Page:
Talk is superior to war. NK needs food and self-respect. We need fewer world hot-spots. Thanks to Bolton and the neocon amen choir the ME will remain in turmoil until the U.S. leads and stops being led. I hope Trump reengages with Iran as he just did with NK. Will the implosive and self-serving neocons let him?

#6 Comment By JeffK On June 12, 2018 @ 9:58 am

The JCPOA is an Obama accomplishment. Therefore, it must be destroyed. Nothing else matters.

#7 Comment By Egypt Steve On June 12, 2018 @ 10:02 am

Re: “But getting North Korea to sit down at the table.”

Let’s not forget that a summit meeting between the North Korean leader and the U.S. President has been on offer from the NK side for decades. It’s really a question of them getting us to sit down, not the other way around. And so far, they’ve given up nothing for it.

#8 Comment By Mark Thomason On June 12, 2018 @ 10:53 am

Trump could do with Iran what he just did with North Korea — sign a letter, declare the result a deal that is his, and say everything is now fixed.

Doing it twice might actually get him that Nobel, even though his claims for his own “deals” are lame or worse.

I hope he does. It is worth it.

#9 Comment By Dieter Heymann On June 12, 2018 @ 12:40 pm

I have often wondered what is the use of ICBM’s if you do not have even a single nuclear weapon?
The case of South Africa was remarkable because the country was allowed to keep all of its weapon-grade U235 without dilution to non-weapons grade. Will NK insist on the same?

#10 Comment By Dee On June 12, 2018 @ 2:54 pm

Wow. There are so many ridiculous things in this article it would take days to respond to..

but this: “The fact that the JCPOA was a product of compromise, rather than surrender, has stuck in the craw of the Trump administration.”

trump’s campaign was all about the folly of our mid-east disastrous wars that he didn’t support, ya know MAGA, (didnt support that is until he ran for something), and now what sticks in his craw is that we couldn’t get complete surrender before we leave post haste..

what a joke..

Once he got elected he went full on AIPAC’ers.. smh.

#11 Comment By SteveK9 On June 12, 2018 @ 4:11 pm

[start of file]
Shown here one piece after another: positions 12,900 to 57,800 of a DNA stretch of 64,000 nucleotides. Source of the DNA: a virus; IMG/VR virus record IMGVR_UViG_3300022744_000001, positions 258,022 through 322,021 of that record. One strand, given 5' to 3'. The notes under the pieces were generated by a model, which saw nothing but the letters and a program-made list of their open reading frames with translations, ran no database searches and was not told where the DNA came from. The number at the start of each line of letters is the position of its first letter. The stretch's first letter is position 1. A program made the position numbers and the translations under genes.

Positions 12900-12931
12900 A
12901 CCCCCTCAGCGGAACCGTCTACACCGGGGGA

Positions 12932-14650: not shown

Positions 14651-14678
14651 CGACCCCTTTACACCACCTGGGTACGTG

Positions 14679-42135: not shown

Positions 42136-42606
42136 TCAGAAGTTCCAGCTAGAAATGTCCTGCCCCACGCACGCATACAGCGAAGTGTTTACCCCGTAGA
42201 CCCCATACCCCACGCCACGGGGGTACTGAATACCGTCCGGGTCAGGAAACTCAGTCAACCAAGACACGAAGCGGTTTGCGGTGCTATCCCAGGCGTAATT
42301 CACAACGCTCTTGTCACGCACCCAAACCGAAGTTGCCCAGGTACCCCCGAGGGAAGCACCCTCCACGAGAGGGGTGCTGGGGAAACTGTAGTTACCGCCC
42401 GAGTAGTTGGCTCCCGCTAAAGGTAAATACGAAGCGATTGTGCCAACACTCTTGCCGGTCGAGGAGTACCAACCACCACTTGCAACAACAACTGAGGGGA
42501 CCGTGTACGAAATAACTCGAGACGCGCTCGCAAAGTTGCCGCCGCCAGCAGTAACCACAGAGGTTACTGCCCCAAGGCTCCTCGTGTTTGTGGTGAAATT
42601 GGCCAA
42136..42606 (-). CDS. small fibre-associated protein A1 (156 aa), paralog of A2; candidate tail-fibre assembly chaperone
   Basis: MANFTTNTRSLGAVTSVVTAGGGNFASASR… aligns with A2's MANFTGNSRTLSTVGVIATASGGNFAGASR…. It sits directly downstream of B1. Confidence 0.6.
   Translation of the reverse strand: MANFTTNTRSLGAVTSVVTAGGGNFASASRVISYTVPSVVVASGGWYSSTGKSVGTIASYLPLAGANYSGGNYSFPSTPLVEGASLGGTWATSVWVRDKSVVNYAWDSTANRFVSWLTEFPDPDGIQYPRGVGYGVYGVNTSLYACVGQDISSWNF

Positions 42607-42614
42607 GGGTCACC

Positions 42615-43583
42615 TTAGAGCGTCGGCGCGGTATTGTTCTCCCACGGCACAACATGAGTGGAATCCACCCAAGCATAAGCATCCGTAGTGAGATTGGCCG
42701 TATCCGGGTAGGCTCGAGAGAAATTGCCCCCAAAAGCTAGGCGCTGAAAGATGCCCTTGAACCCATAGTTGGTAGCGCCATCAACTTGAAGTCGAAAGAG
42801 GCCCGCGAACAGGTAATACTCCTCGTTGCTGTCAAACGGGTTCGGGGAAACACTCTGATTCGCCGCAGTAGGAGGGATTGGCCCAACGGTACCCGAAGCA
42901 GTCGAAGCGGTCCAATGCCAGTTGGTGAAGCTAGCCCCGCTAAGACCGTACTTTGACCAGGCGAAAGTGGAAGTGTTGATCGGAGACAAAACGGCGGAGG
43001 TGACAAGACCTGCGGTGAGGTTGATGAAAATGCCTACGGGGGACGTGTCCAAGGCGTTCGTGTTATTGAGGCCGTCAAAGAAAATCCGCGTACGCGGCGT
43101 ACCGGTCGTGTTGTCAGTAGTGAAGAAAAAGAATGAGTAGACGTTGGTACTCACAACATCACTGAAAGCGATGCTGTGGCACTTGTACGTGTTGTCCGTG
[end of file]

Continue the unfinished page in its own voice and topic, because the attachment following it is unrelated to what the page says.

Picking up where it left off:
You are still thinking in a very one-sided way. An agreement will include the withdrawal of US forces and missile installation from S. Korea. There is no parallel to that in Iran.

#12 Comment By Richter rox On June 12, 2018 @ 5:14 pm

Trump is so far in front of the pundit class that it is embarrassing at this point .

Experts at what ?

#13 Comment By Eileen Kuch On June 12, 2018 @ 5:53 pm

Scott Ritter, you’re absolutely right, Trump will never get a better deal with Iran, than the deal he shredded. Iran doesn’t possess any nuclear weapons since Ayatollahs Khomeini and Khameini declared them anathema to Islam in religious decrees (Fatwas); thus, any nuke program the Iranian Nuclear Scientists had been working on were immediately ended, after the Fatwas were issued, and the scientists worked on generating electricity and developing medical isotopes.
Iran, however, has been developing more advanced missiles for some time, since Israeli PM Bibzy Netanyahu had been issuing bombing threats against the Islamic Republic; the latest missiles are so accurate that they can hit the Dimona Nuclear Facility and its nuclear weapons stockpiles, turning the Zionist Entity into a huge glass parking lot. No wonder, Bibzy’s threats are merely bluffs.

#14 Comment By LouisM On June 12, 2018 @ 9:12 pm

I can tell you why any Treaty with North Korea WILL NOT look like the JCPOA.
1) Trump will not allow himself to be compared to Obama or all his threats and bluster and torched earth strategy yielding the same results as Obama.
2) The democrats will not sign a North Korea Treaty that looks like the JCPOA and certainly not without humiliating Trump in the process.

#15 Comment By Miguel On June 12, 2018 @ 10:45 pm

Well, the pact with North korea could be successful, if that country can have assurancies not to be attacked in the future. From this point of view, the chances for success look slim, but ther could be a little chance for hope.

Even if a dubt that the Chinese would risk their business with the U.S. for the North Koreans, North Korea still has a large frontier with China, and I don’t think the Chinese want to see that frontier full of U.S forces. On the other hand, Russia also has a frontier, even if small, with North Korea, and I doubt as much they want to see it full of U.S. military forces.